If this previously unexplored paradigm is correct the geographic region explored by this essay should contain evidence of immense floods that were captured by headward erosion of new valley systems so as to cause the floods to flow in a different direction. Ability of this previously unexplored paradigm to explain Michigan River-Colorado River drainage divide area landform evidence in the Colorado Never Summer Range will be regarded as evidence supporting the “thick ice sheet that melted fast” paradigm.

Michigan River-Colorado River drainage divide area location map

Figure 1: Michigan River-Colorado River drainage divide area location map (select and click on maps to enlarge). National Geographic Society map digitally presented using National Geographic Society TOPO software.

Figure 1 provides a location map for the Michigan River-Colorado River drainage divide area in the Colorado Never Summer Range and illustrates a region in north central Colorado with Wyoming to the north of Colorado. Rocky Mountain National Park is labeled. The Never Summer Range is not shown or labeled in figure 1, but is located in and near the west side of Rocky Mountain National Park. The Medicine Bow Mountains extend in a north-northwest direction from the Never Summer Range (northwest corner of Rocky Mountain National Park) into southern Wyoming. The North Platte River is formed at the confluence of tributaries near Coalmont, Colorado (west of the Rocky Mountain National Park northwest corner) and then flows in a north and north-northwest direction to the north edge of figure 1. North of figure 1 the North Platte River flows in a north direction to central Wyoming and then flows in an east and southeast direction around the northwest end of the Laramie Mountains with water eventually reaching the Platte, Missouri, and Mississippi Rivers and the Gulf of Mexico. The Michigan River (not labeled in figure 1) originates near the northwest corner of Rocky Mountain National Park and flows in a a north-northwest direction to join the North Platte River neat Cowdrey, Colorado. The Illinois River (not labeled in figure 1) originates south of the Michigan River headwaters and flows in a northwest and north direction to join the Michigan River near Walden, Colorado. The Canadian River (not labeled in figure 1) originates in the southern Medicine Bow Mountains and flows in a north-northwest direction to join the North Platte River near Cowdrey. The Laramie River flows in a north direction from near the north edge of Rocky Mountain Park along the east flank of the Medicine Bow Mountains into Wyoming and then turns to flow in a northeast direction to Laramie, Wyoming. North of figure 1 the Laramie River continues in a northeast direction to join the southeast oriented North Platte River. The Cache la Poudre River originates in Rocky Mountain National Park and flows in a north, east, and southeast direction to join the northeast and east oriented South Platte River near Greeley, Colorado. The Colorado River originates in the Rocky Mountain National Park northwest corner and flows in a south direction to Lake Granby near the Rocky Mountain National Park southwest corner. From Lake Granby the Colorado River flows in a west and southwest direction (with a northwest jog between Bond and McCoy) to the south edge of figure 1 (west half). South and west of figure 1 the Colorado River flows in a southwest direction with water eventually reaching the Pacific Ocean. The Michigan River-Colorado River drainage divide area along the continental divide in the Colorado Never Summer Range extends southward from the south end of Medicine Bow Mountains into the northwest quadrant of Rocky National Park.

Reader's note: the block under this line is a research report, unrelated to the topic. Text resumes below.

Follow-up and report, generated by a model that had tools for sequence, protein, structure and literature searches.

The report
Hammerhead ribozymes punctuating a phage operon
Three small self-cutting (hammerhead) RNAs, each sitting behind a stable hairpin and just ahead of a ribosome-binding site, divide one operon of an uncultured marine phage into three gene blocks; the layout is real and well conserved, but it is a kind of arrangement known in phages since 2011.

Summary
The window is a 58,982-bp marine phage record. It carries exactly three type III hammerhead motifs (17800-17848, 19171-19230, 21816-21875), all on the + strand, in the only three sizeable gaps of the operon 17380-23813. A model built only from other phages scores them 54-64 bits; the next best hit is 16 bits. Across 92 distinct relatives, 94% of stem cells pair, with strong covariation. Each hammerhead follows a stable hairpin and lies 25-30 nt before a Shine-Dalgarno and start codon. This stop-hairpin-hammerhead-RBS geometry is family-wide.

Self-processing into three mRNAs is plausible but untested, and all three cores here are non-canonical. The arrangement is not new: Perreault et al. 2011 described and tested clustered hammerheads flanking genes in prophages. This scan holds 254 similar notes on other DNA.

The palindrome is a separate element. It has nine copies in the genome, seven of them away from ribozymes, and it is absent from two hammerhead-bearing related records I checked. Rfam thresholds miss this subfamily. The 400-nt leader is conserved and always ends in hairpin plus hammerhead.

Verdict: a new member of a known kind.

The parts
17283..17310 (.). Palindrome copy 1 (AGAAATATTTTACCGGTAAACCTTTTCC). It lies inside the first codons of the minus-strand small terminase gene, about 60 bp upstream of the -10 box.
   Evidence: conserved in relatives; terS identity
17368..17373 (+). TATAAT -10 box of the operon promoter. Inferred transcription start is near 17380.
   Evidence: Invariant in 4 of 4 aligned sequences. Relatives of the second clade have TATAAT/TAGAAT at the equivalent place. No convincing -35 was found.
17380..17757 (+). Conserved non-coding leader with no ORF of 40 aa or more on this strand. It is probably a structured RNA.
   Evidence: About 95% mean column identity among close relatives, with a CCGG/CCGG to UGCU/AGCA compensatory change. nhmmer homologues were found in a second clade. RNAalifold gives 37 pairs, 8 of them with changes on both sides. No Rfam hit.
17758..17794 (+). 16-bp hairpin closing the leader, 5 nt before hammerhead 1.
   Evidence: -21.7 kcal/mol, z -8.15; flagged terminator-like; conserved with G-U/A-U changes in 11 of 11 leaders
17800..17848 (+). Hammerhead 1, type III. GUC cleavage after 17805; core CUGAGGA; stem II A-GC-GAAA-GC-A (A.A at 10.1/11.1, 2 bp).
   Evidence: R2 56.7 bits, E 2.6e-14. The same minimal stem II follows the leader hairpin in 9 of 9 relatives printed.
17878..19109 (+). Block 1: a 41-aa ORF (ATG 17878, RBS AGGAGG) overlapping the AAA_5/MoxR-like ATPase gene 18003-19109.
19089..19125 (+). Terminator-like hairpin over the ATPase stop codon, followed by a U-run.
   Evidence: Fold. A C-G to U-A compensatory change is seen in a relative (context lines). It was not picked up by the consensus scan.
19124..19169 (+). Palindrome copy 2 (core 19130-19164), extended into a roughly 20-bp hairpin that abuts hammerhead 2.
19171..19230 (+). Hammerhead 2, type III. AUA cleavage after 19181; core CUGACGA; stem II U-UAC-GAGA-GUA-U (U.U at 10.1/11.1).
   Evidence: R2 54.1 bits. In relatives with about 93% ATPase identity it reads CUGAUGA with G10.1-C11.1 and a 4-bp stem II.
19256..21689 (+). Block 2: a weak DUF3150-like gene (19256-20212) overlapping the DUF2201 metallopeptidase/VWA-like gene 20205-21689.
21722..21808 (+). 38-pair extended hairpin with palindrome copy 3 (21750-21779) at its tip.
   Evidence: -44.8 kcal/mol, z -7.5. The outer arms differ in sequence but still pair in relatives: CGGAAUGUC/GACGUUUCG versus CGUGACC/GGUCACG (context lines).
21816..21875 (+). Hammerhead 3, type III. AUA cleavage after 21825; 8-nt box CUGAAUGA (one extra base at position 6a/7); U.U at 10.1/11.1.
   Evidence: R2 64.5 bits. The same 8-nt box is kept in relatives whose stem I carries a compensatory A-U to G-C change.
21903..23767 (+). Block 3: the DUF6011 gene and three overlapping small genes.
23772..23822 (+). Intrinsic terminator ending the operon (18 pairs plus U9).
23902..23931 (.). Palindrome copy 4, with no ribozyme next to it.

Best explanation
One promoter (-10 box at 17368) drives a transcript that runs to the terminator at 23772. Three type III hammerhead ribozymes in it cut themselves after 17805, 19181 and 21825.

Rocky Mountain National Park region drainage routes developed during immense melt water floods from the western margin of a thick North American ice sheet. Floodwaters flowed from western Canada to and across the Rocky Mountain National Park region at a time when the regional mountain ranges were just beginning to emerge. Ice sheet related crustal warping was responsible for uplift of the regional mountain ranges and for uplift of the entire region. At first floodwaters flowed across the emerging mountains and later were channeled around the emerging mountain ranges as floodwaters deeply eroded valleys and basins surrounding the mountain ranges. The present day north oriented Laramie and North Platte River drainage routes are located on the alignments of what began as south oriented flood flow channels, with the floodwaters initially flowing in south and southeast directions across the entire region seen in figure 1. Headward erosion of the deep southwest oriented Colorado River valley across the south and southeast oriented flood flow channels captured the floodwaters and diverted the flood flow in a southwest direction to the Pacific Ocean. Floodwaters on north and northwest ends of beheaded flood flow channels reversed flow direction to flow in north and northwest directions to the much deeper Colorado River valley and to create north and northwest oriented Colorado River tributary drainage routes. Crustal warping that was raising mountain ranges south of the actively eroding Colorado River valley contributed to these reversals of flood flow. South oriented flood flow on the present day north oriented Laramie River alignment supplemented by south oriented flood flow from the Michigan River alignment supplied floodwaters that eroded the south oriented Colorado River valley in the Never Summer Range region (western Rocky Mountain National Park).